The entire Jewish press of America publishes editorials dealing with the anti-Jewish excesses in Vilna, and the other Polish University towns, complaining that for the first time in history Vilna has experienced a pogrom against the Jews. Even under the Czar, they write, Vilna was the one place where no pogroms occurred.
The New York Yiddish dailies, the “Forward”, the “Day” and the “Jewish Morning Journal”, all agree that the Pilsudski Government does not want the anti-Jewish riots, but they complain that it lacks the courage to conduct an effective fight against the anti-Jewish students. The police were too lenient to the students when they started their disturbances at Cracow and Warsaw Universities, they say, and the result is the pogrom now at Vilna.
The general American press, too, is closely watching the situation in Poland, and publand, and publishing long reports of the Vilna excesses.
There have been anti-Jewish attacks in Vilna before. The one which stands out most in recent times was the raid made on the Jewish quarter by the Polish legionaries when they recaptured Vilna from the Soviets in 1919, when the famous Yiddish and Hobrew poct, Izak Weiter, was shot by the Polish troops. Weiter, who had been exiled to Siberia by the Czarist Government for conducting Bundist activity, was released on the outbreak of the Revolution and he made his way to Vilna, where he was very active writing and publishing. He had always been an outspoken friend and champion of Polish independence. In Vilna he lived together in the same house with Mr. Samuel Niger, the famous Yiddish literary critic, who now lives in America (and has been spending this week in London), and with Mr. Leib Jaffe, now the Managing Director of the Keren Hayesod (who is also at present in England). On April 19th., the Polish army occupied Vilna, and two days later, after some street fighting, they occupied the quarter in which Weiter, Niger and Jeffe wero living. Several Legionaries broke into the house and placed all three before a firing party, and Weiter was shot dead. The other two, Niger and Jaffe, were taken to Lida, and they were reprieved by order of Narshal Pilsudski, the Commander of the Legionaries and then Chief of the Polish State.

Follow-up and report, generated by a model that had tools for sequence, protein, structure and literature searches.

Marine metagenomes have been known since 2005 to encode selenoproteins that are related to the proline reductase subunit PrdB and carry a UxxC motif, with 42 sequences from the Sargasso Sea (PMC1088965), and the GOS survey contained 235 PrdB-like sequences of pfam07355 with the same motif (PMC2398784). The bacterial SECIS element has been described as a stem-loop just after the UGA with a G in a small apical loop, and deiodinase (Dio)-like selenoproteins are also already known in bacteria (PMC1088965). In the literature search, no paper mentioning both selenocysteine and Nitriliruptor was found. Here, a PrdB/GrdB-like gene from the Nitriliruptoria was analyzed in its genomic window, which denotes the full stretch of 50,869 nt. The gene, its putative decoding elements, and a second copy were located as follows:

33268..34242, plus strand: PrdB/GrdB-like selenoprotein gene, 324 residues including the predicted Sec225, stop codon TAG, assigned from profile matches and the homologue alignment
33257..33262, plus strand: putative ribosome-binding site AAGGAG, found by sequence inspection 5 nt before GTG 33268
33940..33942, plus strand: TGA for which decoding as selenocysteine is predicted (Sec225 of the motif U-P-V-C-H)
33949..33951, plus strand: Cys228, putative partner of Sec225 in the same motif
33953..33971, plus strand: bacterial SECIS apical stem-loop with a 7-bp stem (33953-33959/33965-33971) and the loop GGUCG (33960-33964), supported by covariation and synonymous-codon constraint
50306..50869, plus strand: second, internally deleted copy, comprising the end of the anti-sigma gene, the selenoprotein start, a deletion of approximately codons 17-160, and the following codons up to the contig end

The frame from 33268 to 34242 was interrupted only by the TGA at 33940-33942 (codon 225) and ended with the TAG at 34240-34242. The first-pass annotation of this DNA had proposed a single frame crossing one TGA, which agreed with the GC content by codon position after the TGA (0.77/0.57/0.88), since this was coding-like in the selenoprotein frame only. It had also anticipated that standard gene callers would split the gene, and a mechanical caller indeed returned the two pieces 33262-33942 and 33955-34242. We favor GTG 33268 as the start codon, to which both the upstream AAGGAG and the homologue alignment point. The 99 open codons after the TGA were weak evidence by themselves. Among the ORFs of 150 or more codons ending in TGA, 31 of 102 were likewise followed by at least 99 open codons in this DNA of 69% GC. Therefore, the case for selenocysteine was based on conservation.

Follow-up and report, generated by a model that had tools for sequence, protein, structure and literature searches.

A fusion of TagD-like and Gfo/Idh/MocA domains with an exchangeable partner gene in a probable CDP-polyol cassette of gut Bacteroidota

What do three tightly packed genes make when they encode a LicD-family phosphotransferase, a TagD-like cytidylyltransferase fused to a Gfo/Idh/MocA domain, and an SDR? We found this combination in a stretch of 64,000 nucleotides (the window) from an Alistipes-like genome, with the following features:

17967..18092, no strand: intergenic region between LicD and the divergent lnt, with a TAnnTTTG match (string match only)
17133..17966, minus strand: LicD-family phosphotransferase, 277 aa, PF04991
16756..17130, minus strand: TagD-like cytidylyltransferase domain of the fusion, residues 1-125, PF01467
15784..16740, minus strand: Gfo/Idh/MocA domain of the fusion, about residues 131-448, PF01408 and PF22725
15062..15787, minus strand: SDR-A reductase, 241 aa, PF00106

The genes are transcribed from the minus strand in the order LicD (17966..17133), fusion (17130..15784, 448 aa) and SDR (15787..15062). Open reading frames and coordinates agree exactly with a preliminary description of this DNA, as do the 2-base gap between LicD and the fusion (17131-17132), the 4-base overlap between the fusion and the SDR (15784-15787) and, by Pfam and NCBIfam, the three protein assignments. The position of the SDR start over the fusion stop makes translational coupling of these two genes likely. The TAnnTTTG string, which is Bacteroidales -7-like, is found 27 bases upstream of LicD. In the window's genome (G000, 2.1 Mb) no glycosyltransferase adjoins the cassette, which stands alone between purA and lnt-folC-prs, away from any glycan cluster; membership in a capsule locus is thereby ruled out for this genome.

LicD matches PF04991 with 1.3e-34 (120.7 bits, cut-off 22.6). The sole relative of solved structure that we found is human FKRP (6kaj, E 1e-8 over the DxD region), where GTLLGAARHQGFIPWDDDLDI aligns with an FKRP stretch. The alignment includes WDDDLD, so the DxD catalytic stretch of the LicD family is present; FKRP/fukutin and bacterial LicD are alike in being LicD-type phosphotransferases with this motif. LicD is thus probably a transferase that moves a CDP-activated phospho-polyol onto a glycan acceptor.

In past centuries there has been a great deal of violent anti-Jewish rioting in Vilna. In 1635 the populace, in a mood of frenzy, destroyed the newly-erected Jewish prayer house at Vilna, tearing to pieces 18 Scrolls of the Law and not leaving a stone of the prayer-house unturned. When Vilna was conquered by the Russians in 1854 savage hordes of Cossacks led by their barbaric chieftain, Chmielnicki, destroyed everything in the city and killed every Jew they met. Those Jews who remained were banished from Vilna by order of the Russian King. This wholesale expulsion from Vilna is referred to by Rabbi Moses Ribkes in the preface to “Be’er Ha Golah”, where he writes: “And on the fourth day of the week on the 23rd. of Tamuz in 5415 (1655) the whole congregation fled for its life from the city of Vilna as one man. Those who had provided themselves with conveyances carried their wives, children and their small belongings in them, but those who had no conveyances travelled on foot and carried their children on their backs.”
The Archive of the Jewish Telegraphic Agency includes articles published from 1923 to 2008. Archive stories reflect the journalistic standards and practices of the time they were published.